It’s not often nine people decide the fate of almost 20 percent of the economy.
When parts of the Affordable Care Act come before the U.S. Supreme Court this week, the justices could decide the direction of an enormous industry that holds both huge potential for jobs but also big risks of ever-escalating costs.
It has been two years since President Barack Obama signed his massive health care bill into law. Among the provisions that will be argued in front of the Court is the mandate for every American to have health insurance by 2014 and the requirement of states to expand their Medicaid coverage to more Americans or lose federal dollars that help pay for health care for the poor.
While the justices deliberate in the next several months, health care costs show few signs of slowing. Health spending has jumped 10-fold in the past 30 years. And spending continues growing faster than our incomes. Almost 20 cents of every dollar in national income goes toward our health.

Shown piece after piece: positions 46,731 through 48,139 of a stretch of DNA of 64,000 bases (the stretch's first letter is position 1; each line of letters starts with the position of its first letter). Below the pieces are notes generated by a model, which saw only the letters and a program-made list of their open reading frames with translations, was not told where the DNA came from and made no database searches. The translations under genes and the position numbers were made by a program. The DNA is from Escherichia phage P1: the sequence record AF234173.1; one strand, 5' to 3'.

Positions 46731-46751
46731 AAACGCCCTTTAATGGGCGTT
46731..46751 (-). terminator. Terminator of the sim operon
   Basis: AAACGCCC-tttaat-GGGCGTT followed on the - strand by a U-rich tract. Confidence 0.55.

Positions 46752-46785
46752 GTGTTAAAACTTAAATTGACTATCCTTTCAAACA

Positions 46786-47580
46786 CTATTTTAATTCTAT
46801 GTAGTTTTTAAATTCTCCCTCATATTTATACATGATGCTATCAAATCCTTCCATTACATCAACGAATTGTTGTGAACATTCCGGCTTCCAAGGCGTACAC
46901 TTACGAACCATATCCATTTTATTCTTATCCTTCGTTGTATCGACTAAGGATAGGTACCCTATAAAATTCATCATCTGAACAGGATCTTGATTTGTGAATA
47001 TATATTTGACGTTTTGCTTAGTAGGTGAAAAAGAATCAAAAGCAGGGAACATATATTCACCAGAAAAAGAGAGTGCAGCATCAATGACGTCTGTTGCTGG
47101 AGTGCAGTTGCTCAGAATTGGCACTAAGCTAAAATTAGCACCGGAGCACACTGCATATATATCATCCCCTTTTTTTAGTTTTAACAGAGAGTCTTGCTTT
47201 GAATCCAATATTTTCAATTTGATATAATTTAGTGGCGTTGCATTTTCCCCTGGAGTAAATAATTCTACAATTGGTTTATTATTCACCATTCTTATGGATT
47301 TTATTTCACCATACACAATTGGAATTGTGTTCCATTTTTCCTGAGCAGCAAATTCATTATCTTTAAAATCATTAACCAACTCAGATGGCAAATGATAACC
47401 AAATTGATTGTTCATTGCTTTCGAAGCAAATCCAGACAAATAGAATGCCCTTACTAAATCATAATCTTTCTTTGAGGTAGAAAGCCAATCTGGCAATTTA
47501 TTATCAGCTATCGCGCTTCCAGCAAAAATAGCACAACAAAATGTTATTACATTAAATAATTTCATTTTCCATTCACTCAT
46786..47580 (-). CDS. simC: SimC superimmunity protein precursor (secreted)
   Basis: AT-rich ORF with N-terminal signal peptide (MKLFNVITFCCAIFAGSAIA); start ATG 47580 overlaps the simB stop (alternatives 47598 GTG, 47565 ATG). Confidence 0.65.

Meantime, 10 of the top 20 fastest-growing job fields are in health care. Despite the overall job destruction from the Great Recession, the last time the health care industry lost jobs was for one month in the summer of 2003.
Of course, any ruling coming from the Supreme Court is not a trade-off between job growth and higher costs. But more than the fate of the law is at stake.